Monday, March 21, 2016

The challenges of writing a book (again)

What were the challenges (research, literary, psychological and logistical) in bringing your book to life?

by Meredith Cole

All of the above.

The last book I've been writing, a standalone called "The Hold Up," has been challenging. The novel has been both a labor of love and, as it turned out, incredibly laborious. I did way too much research, revised and revised a zillion times, and nearly lost my mind. Oh, and got a bit lost along the way.

The first problem was deciding to set my story in 1951. I had to do a lot of research. And I really dislike doing research. I think it's incredibly distracting from the writing process. But I had a lot of questions and I needed to make sure I got the details right.

I've been surprised by how much 1951 was similar to the way we live today (cars, refrigerators, telephones, television...). But the difference really is in the details. The prices of things. The language. The options for women. I ended up doing far more research on bank security and details on life in the 1950's than will ever make it to the final pages. But I survived.

I always try to challenge myself to something new and different in each new book. In this one, I had three main characters, and played with voice and form. I made lots of attempts at things that failed, and then had to find new ways forward. It was incredibly rewarding when it worked, and incredibly frustrating when it didn't.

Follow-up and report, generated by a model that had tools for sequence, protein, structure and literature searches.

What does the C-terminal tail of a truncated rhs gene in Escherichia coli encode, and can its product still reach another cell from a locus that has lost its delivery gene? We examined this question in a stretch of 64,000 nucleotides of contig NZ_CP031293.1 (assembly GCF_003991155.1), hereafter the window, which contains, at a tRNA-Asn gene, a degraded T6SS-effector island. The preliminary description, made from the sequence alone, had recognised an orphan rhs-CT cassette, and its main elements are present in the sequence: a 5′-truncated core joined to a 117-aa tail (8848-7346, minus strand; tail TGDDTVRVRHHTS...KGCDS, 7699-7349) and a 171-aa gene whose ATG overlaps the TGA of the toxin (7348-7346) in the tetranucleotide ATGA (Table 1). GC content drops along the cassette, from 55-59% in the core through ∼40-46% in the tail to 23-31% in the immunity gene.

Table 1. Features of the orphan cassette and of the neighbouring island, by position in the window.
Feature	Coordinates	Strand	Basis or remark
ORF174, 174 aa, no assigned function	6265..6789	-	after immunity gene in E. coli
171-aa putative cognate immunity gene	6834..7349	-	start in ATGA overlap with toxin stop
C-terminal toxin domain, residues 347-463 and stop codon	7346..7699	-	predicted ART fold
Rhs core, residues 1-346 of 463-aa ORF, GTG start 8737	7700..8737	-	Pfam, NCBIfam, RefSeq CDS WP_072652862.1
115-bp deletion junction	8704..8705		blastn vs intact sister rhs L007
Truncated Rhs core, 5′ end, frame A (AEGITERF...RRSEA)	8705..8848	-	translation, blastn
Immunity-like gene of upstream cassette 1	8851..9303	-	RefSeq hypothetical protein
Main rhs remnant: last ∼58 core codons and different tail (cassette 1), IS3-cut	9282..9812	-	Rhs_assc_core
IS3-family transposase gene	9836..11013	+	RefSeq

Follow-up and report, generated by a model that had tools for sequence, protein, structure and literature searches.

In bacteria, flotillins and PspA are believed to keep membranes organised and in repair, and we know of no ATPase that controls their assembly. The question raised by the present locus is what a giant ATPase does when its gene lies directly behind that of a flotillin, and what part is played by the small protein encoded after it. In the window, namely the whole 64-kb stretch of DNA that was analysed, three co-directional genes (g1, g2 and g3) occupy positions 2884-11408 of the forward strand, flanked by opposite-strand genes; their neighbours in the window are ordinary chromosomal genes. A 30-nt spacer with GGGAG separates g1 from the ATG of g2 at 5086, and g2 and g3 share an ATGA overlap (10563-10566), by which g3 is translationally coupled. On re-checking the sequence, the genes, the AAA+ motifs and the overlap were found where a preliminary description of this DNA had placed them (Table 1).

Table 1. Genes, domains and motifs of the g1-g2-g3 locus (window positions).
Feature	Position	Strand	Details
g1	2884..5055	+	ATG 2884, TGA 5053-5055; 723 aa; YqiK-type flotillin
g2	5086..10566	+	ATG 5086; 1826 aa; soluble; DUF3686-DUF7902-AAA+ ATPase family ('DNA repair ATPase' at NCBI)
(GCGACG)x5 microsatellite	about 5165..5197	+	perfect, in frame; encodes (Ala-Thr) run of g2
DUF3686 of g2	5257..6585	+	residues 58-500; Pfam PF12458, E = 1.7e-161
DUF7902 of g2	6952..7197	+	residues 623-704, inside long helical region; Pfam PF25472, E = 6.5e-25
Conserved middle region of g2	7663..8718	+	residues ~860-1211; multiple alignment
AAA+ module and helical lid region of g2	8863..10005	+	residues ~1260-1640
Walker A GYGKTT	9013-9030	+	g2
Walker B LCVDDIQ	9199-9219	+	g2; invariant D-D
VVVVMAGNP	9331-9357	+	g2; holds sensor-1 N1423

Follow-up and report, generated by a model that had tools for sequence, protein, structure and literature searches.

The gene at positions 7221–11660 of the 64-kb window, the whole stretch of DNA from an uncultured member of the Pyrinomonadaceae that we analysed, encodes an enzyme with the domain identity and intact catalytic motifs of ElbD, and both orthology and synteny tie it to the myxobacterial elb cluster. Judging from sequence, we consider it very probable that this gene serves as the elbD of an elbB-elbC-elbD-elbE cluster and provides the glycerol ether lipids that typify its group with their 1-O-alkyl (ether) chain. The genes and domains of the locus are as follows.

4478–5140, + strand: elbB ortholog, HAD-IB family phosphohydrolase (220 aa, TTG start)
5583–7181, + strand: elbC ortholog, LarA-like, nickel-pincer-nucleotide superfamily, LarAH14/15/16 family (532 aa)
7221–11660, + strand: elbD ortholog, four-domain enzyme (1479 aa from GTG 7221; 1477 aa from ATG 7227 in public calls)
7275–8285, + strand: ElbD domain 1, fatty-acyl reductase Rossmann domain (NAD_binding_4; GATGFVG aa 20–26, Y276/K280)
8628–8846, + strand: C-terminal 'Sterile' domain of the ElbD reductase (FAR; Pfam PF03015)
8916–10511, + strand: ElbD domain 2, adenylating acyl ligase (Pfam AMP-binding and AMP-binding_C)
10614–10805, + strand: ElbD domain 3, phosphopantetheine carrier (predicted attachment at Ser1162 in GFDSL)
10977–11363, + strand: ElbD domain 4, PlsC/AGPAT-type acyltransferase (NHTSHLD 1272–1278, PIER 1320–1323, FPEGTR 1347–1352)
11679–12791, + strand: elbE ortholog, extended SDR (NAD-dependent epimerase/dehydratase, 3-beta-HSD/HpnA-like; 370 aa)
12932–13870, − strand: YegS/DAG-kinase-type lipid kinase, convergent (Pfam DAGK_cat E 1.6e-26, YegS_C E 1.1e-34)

Still basking in the glow of the Virginia Festival of the Book here in Charlottesville. Got to see fellow Criminal Mind Art Taylor and many other wonderful writers. Such fun to talk about books, grouse about the writing process and the biz, see old friends and make new ones. And have even more books on my TBR list!


Paul D. Marks said...

Meredith, I feel just the opposite about research than you do. I love doing it. So much that sometimes I'd rather be doing that than the actual writing. I can just bounce from one subject or hyperlink to another and before I know it an hour's gone by. P

Meredith Cole said...

I did find the research much more absorbing and helpful than I thought it would be, Paul. But it also stretched out my writing even longer (which felt frustrating). It's hard to know when to stop!

Susan C Shea said...

When I switched from writing for non-profits and doing freelance articles to fiction, I rejoiced in what I thought meant I got to make everything up. Then I realized that the context in which my fiction lived had to be real enough to draw readers in rather than send them running for the exits. So, research is back, but at least it doesn't subject me to trauma if I get it wrong, like the time neither a proofreader nor I noticed a missing zero in an annual report that made it look like the college was in deep financial crisis!

Unknown said...

When researching do you ever have to call up strangers in different fields to ask questions? If so, was it a good experience or bad? Any tips on how to handle it?

Triss said...

I'm with Paul Marks. I like doing research so much I could forget to write the novel...and sometimes do temporarily lose sight of that fact that I am telling a story. With a plot. And suspense. Meredith, I'm looking forward to reading your WIP one of these days.

Art Taylor said...

Hi, Meredith --
Thanks for the great post—and the shout-out! Was so great seeing you IN PERSON in Charlottesville. Been too long!